The little blue brigade is back, and this time some Naughties are out to foil their Nice.

After a successful big-screen outing set in New York in 2011, the Smurfs, those tiny mushroom-dwellers based on a Belgian comic, return to spray their magic blue sparkles around Paris, in an effort to save Smurfette (voiced by Katy Perry), once again in peril.

This time, her real father, the evil magician Gargamel, has created two "Naughties," Smurf-sized but ominously gray-hued, to lure Smurfette back into the fold — Goth-girl Vexy (voiced by Christina Ricci) and her idiot brother Hackus. As Patrick and Grace, the human allies who helped out the Smurfs the first time around, Neil Patrick Harris and Jayma Mays are also back, cheerfully plotting and donning disguises in the name of Smurf safety.

Hank Azaria once again proves that there can't be a more fun villain to play than Gargamel, or a better man for the job. As the malevolent magician bent on destroying the Smurfs and their peaceful, joyous way of life, he's pure, bumbling badness with buck teeth.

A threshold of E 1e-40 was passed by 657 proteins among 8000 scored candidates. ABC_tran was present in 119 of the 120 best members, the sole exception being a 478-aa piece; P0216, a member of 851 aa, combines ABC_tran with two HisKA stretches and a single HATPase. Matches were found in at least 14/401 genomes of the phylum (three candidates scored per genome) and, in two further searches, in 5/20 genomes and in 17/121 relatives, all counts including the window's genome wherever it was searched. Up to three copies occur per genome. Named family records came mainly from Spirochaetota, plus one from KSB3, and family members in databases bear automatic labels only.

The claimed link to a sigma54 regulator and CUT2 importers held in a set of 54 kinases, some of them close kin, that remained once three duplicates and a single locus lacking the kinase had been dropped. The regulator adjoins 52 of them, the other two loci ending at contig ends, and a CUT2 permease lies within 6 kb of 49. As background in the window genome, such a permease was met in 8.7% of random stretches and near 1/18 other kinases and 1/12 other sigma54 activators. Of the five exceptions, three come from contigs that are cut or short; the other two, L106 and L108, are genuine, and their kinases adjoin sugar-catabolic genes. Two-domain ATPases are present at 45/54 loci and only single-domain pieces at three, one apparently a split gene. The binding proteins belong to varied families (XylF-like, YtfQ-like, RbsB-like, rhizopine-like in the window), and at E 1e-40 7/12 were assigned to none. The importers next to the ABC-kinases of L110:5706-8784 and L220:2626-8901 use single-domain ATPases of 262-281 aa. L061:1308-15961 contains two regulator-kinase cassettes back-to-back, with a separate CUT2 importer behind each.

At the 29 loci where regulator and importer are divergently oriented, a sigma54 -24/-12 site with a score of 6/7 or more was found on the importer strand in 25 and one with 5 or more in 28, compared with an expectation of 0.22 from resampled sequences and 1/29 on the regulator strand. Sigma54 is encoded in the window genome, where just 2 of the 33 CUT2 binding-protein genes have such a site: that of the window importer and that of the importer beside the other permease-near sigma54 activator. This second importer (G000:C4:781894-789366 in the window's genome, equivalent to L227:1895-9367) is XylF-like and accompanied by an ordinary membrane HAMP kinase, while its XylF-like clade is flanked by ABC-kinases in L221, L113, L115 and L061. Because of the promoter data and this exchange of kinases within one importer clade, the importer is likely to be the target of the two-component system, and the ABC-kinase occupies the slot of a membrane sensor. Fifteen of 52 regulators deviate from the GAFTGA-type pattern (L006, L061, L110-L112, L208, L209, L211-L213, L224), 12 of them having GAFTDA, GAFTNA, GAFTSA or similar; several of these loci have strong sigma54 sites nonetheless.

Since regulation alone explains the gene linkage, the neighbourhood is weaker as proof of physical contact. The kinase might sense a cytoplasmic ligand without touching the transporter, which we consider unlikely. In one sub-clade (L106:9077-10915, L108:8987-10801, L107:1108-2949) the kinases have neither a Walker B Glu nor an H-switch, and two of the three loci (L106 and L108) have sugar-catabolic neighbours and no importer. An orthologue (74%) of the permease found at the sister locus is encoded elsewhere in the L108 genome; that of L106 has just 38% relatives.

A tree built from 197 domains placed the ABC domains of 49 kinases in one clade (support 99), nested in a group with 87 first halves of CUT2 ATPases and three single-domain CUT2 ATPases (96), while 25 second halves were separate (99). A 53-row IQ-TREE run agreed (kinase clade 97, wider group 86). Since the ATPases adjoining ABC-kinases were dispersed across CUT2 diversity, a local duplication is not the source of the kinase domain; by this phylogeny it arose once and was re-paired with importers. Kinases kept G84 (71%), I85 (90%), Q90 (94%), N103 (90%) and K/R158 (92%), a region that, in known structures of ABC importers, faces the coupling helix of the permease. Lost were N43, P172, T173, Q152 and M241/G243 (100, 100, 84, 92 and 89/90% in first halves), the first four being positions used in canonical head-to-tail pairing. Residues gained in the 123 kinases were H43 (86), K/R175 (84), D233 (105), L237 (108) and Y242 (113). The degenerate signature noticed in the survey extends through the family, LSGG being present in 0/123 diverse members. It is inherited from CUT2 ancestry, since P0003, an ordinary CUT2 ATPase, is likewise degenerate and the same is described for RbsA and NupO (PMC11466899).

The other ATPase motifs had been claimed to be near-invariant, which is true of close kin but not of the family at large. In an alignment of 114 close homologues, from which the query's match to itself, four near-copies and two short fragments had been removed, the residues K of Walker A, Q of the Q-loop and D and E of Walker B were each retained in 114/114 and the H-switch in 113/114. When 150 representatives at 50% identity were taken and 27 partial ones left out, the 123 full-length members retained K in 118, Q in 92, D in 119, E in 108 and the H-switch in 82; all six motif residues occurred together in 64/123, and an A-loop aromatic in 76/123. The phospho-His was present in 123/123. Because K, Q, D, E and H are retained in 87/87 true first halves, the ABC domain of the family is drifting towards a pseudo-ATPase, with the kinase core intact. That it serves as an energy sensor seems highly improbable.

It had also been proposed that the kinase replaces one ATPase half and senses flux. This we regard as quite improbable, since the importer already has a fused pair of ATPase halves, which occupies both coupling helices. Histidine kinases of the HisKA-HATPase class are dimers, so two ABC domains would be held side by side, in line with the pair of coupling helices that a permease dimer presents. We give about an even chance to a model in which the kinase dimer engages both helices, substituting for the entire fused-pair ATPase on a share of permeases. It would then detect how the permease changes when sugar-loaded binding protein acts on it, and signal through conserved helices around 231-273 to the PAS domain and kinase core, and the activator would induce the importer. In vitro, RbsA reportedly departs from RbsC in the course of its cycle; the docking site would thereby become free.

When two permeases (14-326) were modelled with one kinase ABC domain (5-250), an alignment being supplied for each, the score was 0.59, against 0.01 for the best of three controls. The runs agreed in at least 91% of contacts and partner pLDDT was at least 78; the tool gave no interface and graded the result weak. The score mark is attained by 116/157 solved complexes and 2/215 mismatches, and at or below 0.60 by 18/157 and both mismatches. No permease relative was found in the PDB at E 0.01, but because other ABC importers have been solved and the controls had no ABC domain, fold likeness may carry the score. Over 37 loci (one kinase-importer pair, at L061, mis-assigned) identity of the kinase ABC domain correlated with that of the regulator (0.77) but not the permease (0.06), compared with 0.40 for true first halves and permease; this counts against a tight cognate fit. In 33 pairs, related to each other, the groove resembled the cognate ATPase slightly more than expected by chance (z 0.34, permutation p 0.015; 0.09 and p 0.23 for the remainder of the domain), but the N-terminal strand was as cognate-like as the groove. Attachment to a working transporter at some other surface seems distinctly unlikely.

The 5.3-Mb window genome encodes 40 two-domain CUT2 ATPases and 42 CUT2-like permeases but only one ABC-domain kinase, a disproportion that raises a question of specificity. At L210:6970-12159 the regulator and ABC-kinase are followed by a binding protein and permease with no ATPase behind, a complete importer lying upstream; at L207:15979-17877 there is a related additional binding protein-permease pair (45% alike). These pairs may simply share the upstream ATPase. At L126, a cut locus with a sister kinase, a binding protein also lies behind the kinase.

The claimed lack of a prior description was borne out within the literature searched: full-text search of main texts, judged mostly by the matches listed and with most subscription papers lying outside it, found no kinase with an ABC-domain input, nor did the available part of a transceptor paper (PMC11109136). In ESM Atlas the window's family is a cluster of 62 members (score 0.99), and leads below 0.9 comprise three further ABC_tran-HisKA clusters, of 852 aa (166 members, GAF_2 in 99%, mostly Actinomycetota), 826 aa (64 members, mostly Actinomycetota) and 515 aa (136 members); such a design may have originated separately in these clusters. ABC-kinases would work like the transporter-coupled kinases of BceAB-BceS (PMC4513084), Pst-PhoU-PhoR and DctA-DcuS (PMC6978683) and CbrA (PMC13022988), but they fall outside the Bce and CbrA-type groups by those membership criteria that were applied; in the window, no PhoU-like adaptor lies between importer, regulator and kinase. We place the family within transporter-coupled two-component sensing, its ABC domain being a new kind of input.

The sequel's other high point is the addition of Brendan Gleeson as Victor, Patrick's brash stepfather who also winds up vying with Papa Smurf (voiced by Jonathan Winters) for the position of moral compass. Papa's presence, reassuring as ever, is extra poignant because this turned out to be the late Winters' last film.

Many of the jokes are designed to keep parents smiling — an amorous Patrick and Grace are urged to "Get a shroom!" A stressed-out Grouchy is told "Don't spiral." And when Smurfette identifies with her naughty captors, she's suffering from "Smurfholm Syndrome." Adults can also mark time trying to guess who's voicing all the bit-player Smurfs (Jimmy Kimmel, Jeff Foxworthy and Shaq, to name a few).

The story makes the most of Parisian culture and landmarks. In one of the most entertaining sequences, Vexy and Smurfette drag race atop a couple of birds, swooping through outdoor cafes and snatching baguettes to use as sparring weapons. Climactic scenes involve a runaway Roue de Paris, the 200-foot-high Ferris wheel built to celebrate the millennium, and of course the Eiffel Tower, which proves to be Gargamel's denouement.

Despite short-attention-span pacing, the movie drags toward the end; it's about 15 minutes too long for its target audience. Apparently way too into their subject, the writers couldn't resist overkill, stuffing the word "Smurf" into as many phrases as possible. The narcissistic quips of Vanity Smurf (John Oliver) and the imbecility of Hackus (J.B. Smoove) grew tedious, even for the 7-year-old next to me. And early on, a blatant implication that for girls, blond hair = good and dark hair = bad is wince-inducing.

These quibbles aside, will kids like "The Smurfs 2" at least as much as the first one? Answer: Is a Smurf's butt blue?